I have not seen the movie, "Eat, Pray, Love," and I have read just a chapter of the book. Based on the spoilers I read (yes, I read ahead to see if I'd actually finish the book in time to go see the movie), I'm about to go off on my conclusion.
Scenario: happily married woman in her dream New York house with a great husband. Sounds like something we all want, right? Not this main character. Oh no, she is selfish enough to want her desires fulfilled and divorces her charming husband who bought the house so they could start a family. It goes on from there. She has an affair THEN divorces him. First off, as a Christian woman who just wants to find a Mr. Right that I can love and be with till death, I have a major problem with this movie. The Bible doesn't tell women to just up and leave your husband for your internal happiness. If you thought you'd be miserable, why did you get married in the first place? I also find it horribly self-absorbing. "I'm not happy with the fact that I have my ideal life, so I'm going to call it quits and go all over the world to discover other countries with my girlfriends and sail off in the sunset with a man named Felipe that I'll eventually marry and leave because I'm not satisfied with my life." <- main thing I got from the story.
I know I'm coming down rather hard on the movie and book, and granted, I haven't finished reading the book (nor do I really care to anyways since looking at spoilers), but I need some amens here.
When you get married, you are giving yourself to that other person. You're saying you love them enough to do what they want and vice versa. You serve each other and spend time together. You're supposed to fall more in love as the marriage progresses, raise children together, dress Sally and Billy for church and go on family picnics. You're supposed to buy them frou frou clothing and take Billy to baseball practice while Sally goes to dance lessons. As the kids get older, you take them to school and make them cute lunches with sweet notes inside. You drop them a block away from school when they're embarassed in their early teenage years. You stay up for them while they go out with friends- or you have date night with your spouse. It's not all-about-me anymore. It's about "us."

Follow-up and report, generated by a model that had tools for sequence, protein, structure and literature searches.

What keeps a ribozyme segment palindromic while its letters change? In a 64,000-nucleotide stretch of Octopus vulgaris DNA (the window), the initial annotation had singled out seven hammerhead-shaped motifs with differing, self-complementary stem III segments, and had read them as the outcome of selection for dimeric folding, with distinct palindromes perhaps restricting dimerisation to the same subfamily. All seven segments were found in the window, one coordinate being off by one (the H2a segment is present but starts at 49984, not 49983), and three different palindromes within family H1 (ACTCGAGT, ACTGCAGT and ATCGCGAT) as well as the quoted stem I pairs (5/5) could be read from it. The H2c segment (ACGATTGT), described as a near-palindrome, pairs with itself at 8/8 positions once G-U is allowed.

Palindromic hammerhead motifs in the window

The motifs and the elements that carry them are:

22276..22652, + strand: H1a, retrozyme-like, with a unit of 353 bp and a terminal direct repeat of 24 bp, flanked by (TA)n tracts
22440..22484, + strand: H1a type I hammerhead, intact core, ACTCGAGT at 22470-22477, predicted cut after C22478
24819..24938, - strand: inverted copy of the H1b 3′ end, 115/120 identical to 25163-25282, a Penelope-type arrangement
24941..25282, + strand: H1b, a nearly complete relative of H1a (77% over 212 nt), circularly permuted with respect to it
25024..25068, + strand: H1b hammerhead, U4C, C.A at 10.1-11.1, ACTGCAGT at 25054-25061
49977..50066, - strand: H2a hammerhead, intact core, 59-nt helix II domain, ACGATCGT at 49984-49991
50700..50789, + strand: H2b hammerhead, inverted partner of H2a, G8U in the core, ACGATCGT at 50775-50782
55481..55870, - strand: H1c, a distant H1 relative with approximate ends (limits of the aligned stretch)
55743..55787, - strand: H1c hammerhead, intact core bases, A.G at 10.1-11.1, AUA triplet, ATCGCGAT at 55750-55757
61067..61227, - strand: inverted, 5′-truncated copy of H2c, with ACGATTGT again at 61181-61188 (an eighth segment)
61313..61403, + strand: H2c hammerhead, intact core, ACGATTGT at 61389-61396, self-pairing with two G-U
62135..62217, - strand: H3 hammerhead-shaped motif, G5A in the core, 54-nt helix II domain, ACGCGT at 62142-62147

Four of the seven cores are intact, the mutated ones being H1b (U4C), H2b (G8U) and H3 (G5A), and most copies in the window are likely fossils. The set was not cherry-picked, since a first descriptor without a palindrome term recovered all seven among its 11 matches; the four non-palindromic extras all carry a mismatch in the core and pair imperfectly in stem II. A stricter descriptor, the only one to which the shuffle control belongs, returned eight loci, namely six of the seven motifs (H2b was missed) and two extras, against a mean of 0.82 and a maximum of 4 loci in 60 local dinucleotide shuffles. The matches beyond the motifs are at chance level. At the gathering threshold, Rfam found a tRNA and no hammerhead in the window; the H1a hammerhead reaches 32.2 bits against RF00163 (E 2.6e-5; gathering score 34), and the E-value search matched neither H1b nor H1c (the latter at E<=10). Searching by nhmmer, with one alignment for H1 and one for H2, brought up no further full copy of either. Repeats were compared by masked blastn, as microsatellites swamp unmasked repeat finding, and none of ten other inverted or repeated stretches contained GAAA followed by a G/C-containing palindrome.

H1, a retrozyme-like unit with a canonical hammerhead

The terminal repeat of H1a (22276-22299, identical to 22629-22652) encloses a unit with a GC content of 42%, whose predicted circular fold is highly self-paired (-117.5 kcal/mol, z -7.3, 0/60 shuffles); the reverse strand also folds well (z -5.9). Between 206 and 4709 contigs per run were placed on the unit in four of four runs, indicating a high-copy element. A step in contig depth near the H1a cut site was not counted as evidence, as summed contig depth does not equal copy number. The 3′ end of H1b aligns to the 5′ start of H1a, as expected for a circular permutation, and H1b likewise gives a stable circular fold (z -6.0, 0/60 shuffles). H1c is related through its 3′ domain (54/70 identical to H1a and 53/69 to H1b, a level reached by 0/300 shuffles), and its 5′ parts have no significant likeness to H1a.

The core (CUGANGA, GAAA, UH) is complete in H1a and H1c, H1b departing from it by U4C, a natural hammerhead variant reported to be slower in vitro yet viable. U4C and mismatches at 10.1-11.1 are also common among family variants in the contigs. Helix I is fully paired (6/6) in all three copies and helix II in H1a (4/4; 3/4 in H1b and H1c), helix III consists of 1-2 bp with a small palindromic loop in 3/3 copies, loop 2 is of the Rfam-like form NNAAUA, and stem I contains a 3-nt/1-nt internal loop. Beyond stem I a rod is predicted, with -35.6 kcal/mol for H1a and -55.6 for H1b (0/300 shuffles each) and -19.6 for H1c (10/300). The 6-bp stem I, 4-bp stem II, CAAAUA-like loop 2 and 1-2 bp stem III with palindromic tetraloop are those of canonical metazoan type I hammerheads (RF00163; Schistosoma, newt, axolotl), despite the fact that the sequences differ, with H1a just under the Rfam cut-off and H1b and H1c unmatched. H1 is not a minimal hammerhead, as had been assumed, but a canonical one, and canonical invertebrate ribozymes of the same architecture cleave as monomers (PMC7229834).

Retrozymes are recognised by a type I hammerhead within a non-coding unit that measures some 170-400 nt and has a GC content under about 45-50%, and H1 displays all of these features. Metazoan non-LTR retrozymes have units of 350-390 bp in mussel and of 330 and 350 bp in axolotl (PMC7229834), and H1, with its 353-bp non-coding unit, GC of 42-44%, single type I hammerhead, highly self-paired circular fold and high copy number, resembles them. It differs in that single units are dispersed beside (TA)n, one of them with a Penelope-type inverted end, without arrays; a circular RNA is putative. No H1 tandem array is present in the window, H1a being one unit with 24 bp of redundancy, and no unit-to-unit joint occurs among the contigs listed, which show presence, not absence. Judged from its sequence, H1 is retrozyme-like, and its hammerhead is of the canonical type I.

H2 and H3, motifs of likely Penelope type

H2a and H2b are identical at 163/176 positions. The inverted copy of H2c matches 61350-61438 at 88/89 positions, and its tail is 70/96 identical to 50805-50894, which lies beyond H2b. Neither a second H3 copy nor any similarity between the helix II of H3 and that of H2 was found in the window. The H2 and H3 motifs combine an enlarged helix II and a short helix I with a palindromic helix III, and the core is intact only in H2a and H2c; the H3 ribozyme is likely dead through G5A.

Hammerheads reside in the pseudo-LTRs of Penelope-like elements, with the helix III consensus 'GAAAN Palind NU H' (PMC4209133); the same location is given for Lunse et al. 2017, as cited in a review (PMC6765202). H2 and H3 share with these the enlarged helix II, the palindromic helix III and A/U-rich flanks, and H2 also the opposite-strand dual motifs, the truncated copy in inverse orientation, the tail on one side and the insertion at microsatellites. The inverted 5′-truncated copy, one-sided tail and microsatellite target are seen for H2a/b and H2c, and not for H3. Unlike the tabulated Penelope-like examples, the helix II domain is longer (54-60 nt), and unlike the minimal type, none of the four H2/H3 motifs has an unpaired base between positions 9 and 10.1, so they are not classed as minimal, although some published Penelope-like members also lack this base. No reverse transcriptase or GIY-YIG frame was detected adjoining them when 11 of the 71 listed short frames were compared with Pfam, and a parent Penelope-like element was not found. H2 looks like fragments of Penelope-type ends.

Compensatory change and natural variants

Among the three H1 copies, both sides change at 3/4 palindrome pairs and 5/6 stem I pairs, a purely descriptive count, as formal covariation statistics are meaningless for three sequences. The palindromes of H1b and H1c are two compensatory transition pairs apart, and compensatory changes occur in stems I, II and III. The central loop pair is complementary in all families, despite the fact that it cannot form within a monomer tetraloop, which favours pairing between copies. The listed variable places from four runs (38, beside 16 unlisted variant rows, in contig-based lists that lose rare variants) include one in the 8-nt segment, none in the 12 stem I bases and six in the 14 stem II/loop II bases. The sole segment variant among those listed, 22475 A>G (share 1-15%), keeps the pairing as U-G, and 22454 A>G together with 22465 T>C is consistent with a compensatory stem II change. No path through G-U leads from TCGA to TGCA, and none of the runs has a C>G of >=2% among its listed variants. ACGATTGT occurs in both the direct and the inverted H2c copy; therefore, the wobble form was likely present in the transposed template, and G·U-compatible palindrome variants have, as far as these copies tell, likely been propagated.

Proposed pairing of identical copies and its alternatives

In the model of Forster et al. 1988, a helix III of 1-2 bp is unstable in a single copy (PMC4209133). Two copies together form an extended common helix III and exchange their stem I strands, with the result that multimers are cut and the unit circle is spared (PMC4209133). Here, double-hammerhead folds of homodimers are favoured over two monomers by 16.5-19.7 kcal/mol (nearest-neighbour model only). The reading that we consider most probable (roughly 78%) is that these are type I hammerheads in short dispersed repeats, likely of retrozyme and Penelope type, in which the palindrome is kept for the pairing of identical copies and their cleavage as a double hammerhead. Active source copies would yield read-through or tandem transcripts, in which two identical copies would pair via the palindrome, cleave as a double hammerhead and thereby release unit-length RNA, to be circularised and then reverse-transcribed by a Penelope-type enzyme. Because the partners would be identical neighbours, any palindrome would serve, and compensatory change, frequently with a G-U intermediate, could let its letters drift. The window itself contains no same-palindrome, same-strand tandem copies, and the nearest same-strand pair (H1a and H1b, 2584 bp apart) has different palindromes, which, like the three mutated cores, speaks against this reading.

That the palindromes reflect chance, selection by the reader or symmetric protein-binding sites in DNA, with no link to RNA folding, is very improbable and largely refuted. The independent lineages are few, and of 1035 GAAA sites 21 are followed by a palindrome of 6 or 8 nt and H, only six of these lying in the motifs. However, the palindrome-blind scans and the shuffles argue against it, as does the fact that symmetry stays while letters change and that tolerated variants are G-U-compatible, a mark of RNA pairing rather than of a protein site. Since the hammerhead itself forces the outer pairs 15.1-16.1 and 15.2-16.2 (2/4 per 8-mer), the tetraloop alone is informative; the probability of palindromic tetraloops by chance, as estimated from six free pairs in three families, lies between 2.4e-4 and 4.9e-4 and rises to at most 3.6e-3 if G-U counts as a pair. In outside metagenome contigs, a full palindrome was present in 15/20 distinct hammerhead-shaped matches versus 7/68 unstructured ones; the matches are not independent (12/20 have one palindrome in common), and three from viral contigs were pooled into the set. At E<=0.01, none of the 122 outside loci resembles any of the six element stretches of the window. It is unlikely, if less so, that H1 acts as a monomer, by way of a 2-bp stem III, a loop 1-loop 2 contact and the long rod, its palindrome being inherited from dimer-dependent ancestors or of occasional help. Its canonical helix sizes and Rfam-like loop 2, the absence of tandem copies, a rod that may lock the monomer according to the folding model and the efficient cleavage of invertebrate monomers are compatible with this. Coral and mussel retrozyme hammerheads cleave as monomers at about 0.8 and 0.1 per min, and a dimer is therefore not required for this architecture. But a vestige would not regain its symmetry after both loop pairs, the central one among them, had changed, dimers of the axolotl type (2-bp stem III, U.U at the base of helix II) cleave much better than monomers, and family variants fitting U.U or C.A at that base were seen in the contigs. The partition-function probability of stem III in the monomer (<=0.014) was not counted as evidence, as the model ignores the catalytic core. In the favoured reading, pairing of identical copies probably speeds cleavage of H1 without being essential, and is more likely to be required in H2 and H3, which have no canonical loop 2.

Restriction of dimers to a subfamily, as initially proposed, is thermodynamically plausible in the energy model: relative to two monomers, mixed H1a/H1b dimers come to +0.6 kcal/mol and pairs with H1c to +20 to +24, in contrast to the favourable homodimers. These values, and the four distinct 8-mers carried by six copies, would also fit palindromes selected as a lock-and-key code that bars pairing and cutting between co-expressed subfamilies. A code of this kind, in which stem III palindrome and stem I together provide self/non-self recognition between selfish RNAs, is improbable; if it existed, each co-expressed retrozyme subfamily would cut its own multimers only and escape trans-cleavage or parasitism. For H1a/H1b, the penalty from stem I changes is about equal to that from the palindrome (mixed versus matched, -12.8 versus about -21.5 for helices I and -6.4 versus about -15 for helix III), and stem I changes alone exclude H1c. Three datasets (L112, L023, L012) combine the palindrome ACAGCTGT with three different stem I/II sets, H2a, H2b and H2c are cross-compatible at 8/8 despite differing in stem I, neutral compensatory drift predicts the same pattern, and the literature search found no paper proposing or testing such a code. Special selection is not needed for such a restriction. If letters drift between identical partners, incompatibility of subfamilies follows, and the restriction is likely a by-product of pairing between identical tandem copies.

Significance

I don't know if I'll be able to finish the book simply because it breaks my heart to read a story of a woman who leaves her spouse to find her inner desires and self with her friends, when one of her friends is opposed to the divorce. Heck, her husband begs her not to do this!
Okay so I'm getting off my soap box. I felt strongly opposed to this movie, and maybe I will finish the book and like it. When I get married, I plan to only do it once to a godly guy who puts Christ first in everything.